Going to galleries is the best thing ever. There is an absolute thrill in standing up close and personal to a painting you've only seen in digital form. Sometimes, just sometimes, there's a niggle of disappointment and most times that has proved to be due to a disparity of colour. The trend, particularly recently, has been to ramp up colour edits to unrealistic proportions. But most times it's like - woo - let me get closer and smell that paint, savour that texture and absorb the wonder. However there are two things that make buying from a gallery tricky:
1) They're closed at the time of writing this (although socially distanced browsing may return in the near future)
2) Prices. There's no getting away from the fact that galleries are Pricey McPricey due to commissions and overheads.
Now this is fine if money is a-plenty and I DO want galleries to thrive but the alternative is to buy directly from the artist and as art fairs and open studios are also closed at the moment, that means online.
Art, like anything else can be bought online with confidence if you
KNOW WHAT YOU WANT
KNOW WHO YOU'RE BUYING FROM
KNOW HOW TO MEASURE
Most people know what they like when they see it, so browse, browse and browse some more. There's nothing wrong with wanting something to match your decor and the word 'taste' should be banished to the bin. Ain't no such thing. If you see something that makes you happy and gives you all the feels you desire, that's good enough. Then, check who you're buying from. Is there plenty of information about them online? LIKE. KNOW. TRUST. This is a well-used phrase when it comes to buying and selling. Know who you're dealing with, either through word of mouth, reputation or a bit of research.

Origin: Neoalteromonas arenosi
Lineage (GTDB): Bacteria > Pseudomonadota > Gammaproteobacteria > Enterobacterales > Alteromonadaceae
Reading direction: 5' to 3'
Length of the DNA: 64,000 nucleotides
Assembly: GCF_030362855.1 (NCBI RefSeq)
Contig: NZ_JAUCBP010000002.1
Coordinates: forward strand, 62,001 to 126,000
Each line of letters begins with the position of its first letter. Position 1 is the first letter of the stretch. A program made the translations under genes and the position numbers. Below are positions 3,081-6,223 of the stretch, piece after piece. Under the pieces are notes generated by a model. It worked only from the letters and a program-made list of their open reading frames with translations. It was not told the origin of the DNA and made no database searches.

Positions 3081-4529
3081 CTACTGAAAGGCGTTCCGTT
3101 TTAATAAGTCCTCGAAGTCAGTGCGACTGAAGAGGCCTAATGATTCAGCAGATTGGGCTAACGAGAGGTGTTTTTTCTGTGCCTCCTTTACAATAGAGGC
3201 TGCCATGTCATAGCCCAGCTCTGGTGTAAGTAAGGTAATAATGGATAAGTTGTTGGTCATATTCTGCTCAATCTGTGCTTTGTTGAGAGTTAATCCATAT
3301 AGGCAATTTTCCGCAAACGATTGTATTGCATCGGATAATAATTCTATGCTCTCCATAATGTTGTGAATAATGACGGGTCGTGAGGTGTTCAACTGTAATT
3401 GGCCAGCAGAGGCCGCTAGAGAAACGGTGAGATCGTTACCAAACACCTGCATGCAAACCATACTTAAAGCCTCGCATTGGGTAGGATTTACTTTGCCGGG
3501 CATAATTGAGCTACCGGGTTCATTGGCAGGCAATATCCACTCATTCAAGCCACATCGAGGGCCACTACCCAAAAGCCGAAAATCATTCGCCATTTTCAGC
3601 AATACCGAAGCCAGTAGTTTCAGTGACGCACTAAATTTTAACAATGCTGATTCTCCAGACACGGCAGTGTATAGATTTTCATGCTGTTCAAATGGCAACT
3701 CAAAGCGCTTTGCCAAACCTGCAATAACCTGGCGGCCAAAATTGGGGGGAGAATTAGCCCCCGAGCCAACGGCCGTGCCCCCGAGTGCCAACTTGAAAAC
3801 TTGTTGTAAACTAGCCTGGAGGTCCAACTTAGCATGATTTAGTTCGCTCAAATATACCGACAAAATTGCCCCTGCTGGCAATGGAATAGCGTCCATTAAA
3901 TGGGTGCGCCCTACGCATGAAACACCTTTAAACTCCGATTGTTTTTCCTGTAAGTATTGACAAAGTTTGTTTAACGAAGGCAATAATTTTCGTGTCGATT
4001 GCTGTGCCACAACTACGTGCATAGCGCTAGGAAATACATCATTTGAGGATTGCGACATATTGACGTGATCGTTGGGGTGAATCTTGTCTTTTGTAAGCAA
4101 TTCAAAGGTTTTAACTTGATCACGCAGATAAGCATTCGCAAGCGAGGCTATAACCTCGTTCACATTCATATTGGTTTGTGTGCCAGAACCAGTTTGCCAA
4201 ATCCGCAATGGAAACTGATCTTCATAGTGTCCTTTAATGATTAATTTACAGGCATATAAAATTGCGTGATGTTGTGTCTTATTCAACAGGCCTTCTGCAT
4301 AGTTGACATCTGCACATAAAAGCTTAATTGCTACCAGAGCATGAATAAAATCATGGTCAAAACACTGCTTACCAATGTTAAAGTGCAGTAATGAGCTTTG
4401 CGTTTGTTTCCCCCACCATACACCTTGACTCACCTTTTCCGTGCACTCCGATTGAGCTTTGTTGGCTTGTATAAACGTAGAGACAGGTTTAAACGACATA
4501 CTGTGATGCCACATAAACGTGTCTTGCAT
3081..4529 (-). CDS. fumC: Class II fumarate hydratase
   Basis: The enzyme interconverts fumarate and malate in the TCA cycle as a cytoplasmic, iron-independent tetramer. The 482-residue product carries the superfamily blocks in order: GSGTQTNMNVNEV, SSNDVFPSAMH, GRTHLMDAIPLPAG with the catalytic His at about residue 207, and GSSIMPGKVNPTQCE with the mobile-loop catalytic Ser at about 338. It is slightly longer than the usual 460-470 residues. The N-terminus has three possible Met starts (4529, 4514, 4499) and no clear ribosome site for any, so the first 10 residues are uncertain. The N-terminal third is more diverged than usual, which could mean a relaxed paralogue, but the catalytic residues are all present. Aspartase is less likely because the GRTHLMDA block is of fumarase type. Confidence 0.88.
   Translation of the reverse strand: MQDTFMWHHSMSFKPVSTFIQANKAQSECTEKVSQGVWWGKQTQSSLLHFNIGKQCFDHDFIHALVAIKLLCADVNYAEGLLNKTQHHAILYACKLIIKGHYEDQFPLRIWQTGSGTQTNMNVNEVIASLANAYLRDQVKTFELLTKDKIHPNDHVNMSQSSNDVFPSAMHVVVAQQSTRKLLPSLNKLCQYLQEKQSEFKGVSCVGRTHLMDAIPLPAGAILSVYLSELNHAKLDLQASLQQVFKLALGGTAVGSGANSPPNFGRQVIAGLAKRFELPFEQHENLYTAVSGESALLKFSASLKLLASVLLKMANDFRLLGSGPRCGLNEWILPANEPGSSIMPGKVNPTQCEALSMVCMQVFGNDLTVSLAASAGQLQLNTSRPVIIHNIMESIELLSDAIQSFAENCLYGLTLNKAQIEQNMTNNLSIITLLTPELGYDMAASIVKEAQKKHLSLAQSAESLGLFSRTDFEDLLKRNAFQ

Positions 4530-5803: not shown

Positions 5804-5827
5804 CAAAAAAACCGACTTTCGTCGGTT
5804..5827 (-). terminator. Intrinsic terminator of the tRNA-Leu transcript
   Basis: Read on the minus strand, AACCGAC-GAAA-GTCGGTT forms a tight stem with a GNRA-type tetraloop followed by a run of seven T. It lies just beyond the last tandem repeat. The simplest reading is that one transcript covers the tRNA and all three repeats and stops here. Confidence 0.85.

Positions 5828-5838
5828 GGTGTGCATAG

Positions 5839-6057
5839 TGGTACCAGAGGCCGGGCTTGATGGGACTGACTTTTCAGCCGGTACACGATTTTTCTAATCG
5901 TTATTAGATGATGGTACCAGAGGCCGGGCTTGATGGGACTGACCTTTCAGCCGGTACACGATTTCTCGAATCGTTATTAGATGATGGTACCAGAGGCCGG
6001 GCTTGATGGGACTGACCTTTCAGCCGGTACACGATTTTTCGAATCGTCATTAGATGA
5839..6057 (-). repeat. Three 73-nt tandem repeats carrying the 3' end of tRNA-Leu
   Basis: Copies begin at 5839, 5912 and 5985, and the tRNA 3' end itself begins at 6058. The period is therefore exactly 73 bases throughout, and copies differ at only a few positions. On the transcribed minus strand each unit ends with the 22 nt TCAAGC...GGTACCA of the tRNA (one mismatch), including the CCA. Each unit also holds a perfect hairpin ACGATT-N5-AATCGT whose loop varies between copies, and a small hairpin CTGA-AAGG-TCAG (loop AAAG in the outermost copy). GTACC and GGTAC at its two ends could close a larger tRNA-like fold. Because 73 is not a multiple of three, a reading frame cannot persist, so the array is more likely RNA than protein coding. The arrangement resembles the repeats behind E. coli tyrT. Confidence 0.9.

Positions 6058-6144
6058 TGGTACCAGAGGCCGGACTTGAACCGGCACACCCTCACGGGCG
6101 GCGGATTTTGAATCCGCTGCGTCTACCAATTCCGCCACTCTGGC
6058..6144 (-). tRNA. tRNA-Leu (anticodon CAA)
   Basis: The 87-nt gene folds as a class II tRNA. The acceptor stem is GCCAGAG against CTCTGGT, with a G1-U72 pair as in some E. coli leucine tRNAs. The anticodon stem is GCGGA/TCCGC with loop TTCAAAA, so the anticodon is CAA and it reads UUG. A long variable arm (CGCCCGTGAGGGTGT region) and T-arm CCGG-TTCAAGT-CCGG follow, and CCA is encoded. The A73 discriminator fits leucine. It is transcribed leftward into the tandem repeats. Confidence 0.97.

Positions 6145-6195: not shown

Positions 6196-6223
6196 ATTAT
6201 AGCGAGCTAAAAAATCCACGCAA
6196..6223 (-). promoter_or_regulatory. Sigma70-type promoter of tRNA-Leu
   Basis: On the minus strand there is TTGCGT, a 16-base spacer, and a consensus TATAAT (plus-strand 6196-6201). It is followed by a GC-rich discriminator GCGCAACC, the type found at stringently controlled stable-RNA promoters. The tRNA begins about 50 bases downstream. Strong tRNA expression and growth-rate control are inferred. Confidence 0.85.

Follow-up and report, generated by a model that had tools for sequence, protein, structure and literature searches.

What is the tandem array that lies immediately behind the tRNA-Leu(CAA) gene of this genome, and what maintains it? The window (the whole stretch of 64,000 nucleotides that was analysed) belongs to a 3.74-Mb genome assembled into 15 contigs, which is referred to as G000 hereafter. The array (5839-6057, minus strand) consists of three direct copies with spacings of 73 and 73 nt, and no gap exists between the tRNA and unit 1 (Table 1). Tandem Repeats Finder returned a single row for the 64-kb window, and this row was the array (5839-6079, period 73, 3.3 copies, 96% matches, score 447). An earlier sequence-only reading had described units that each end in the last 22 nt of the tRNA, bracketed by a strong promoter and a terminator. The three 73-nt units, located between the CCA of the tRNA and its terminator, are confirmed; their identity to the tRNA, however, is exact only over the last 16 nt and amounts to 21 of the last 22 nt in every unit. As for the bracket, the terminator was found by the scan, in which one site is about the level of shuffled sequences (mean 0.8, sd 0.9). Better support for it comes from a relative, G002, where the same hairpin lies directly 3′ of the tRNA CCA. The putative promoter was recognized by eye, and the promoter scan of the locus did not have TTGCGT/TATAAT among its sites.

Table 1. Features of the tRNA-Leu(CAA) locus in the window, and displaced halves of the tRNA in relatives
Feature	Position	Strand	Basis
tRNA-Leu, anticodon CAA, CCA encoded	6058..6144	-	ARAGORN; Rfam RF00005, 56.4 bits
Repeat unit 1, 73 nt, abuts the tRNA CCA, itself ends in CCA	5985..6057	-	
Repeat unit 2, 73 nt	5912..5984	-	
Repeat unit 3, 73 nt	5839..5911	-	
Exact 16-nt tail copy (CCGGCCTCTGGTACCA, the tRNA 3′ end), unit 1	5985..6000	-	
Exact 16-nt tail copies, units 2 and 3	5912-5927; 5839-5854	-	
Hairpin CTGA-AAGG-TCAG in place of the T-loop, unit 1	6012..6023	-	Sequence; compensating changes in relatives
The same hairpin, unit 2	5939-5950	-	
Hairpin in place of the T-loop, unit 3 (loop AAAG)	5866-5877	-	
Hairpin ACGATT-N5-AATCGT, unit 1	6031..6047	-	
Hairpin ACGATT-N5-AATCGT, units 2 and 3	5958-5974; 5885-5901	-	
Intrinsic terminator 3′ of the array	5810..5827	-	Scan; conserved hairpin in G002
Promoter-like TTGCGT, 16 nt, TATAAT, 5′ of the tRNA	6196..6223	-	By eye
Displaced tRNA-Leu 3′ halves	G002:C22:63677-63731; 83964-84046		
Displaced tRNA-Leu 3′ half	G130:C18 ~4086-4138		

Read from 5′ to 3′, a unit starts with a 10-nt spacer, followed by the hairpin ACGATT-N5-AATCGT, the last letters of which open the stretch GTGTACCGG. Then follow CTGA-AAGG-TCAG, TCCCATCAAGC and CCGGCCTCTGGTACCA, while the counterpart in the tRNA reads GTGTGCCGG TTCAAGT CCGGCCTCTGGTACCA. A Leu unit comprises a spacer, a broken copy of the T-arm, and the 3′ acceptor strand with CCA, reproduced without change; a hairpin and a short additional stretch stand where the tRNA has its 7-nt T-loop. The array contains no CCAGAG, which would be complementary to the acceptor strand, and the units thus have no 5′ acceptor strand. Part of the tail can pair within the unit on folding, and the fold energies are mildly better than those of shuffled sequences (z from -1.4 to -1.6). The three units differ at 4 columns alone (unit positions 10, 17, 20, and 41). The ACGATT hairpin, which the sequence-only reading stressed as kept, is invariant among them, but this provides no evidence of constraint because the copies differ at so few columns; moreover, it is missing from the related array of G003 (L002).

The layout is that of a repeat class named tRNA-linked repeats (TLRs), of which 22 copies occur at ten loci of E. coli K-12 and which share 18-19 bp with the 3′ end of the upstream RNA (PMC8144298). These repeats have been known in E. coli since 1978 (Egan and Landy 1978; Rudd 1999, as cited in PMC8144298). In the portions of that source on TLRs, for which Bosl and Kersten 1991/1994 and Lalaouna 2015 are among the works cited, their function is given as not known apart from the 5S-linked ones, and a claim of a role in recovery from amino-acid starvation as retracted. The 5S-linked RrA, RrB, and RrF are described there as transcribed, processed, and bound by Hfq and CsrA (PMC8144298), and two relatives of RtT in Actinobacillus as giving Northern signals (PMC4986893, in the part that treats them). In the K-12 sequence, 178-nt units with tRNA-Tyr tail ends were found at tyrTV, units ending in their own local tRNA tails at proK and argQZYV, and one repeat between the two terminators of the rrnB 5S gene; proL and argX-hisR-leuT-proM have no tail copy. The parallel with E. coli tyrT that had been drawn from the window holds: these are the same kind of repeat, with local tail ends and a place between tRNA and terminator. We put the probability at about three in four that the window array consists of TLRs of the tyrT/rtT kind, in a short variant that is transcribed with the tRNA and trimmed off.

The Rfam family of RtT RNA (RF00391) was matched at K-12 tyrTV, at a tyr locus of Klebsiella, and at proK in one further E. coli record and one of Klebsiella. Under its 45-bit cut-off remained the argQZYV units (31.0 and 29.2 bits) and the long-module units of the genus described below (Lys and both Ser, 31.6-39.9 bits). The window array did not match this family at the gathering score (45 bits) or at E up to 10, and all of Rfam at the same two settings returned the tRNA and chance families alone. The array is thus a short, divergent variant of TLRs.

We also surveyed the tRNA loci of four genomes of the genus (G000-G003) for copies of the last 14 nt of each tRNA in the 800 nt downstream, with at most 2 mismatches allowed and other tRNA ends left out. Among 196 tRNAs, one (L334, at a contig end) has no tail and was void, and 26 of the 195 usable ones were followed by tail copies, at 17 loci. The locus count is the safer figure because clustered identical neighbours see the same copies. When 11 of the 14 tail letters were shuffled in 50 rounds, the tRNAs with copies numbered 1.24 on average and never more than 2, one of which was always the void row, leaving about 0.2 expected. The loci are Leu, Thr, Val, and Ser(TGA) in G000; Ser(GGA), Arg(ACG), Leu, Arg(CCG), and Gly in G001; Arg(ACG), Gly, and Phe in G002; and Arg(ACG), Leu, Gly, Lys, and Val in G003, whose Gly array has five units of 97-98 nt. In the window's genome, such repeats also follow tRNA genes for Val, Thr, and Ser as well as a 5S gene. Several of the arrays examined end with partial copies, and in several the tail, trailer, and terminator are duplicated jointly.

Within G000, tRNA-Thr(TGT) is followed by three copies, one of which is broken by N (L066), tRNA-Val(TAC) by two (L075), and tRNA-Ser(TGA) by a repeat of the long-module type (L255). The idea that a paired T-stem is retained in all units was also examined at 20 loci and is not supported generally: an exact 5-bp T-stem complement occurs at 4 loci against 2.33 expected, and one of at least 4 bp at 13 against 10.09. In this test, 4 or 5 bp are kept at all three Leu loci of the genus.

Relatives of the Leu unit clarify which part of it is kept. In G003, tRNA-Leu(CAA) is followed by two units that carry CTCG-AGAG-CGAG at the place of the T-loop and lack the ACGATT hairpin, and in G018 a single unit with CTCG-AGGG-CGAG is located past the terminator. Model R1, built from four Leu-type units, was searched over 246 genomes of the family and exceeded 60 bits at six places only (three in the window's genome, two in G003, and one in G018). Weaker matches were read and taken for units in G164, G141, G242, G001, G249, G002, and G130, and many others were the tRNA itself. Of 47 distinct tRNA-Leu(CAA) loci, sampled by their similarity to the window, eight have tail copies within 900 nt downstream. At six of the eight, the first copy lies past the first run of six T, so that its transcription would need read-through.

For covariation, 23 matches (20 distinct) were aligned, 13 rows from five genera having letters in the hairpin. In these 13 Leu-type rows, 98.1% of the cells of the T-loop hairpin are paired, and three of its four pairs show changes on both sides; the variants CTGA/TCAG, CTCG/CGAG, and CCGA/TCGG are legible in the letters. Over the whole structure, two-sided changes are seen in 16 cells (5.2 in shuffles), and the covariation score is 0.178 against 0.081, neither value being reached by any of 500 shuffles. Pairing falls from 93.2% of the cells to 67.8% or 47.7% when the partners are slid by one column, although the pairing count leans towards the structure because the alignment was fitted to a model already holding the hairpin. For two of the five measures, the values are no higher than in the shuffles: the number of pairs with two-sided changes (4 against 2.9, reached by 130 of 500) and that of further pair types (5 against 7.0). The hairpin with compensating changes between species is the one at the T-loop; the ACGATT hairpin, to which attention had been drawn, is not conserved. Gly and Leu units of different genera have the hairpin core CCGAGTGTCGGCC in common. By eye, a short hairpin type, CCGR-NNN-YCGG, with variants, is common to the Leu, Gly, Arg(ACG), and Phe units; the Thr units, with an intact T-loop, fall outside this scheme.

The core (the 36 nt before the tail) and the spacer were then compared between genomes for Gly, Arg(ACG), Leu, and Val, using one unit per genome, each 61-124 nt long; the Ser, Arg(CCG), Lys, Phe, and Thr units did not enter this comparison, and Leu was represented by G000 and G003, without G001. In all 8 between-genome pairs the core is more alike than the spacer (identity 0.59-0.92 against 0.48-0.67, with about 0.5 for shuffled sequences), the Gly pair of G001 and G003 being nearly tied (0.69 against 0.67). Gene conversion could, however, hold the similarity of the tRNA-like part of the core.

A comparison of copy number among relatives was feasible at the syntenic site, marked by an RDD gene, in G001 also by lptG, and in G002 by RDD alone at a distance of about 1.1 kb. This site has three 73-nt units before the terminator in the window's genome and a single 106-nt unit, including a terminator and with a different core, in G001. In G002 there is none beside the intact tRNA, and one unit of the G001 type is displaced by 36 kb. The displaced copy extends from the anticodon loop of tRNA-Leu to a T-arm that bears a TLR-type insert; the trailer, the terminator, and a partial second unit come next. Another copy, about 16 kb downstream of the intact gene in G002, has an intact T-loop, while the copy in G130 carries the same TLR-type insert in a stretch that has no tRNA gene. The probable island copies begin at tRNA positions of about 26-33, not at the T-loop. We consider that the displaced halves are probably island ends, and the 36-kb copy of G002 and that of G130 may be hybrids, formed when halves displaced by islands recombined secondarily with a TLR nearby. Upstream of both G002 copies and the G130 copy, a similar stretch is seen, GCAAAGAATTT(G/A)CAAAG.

And then MEASURE. Make sure you know exactly the dimensions of the piece you have your eye on. Check and double check whether the seller has listed it in cm or inches. If there's one major pitfall to buying online, its size. Whereas the camera unfairly adds pounds to us, it often diminishes or distorts the scale of a painting. Then check COLOUR. If possible, look at the painting on different devices, not just your phone or monitor. If necessary, ask questions. Ask for close up images, extra images. Artists are happy to help and if you ever come across one who's not, take your hard earned dosh elsewhere pronto! Also, check the cost of shipping. Shipping costs for paintings can be expensive if the piece is large or if you're in another country.
I must add that the same goes for buying prints and always be aware of the difference between Giclee prints and photo prints, open ended prints and limited edition prints (a term often abused and confused) but this is a subject for another post. For now, take care and enjoy art!
To test this blog out, let's start with a photo of my constant studio companion. She accompanies me on sketching trips, she snoozes while I paint and wakes up when the biscuits appear at tea break time. She's a harsh critic but never unkind. Her name is Teabag and she is 17.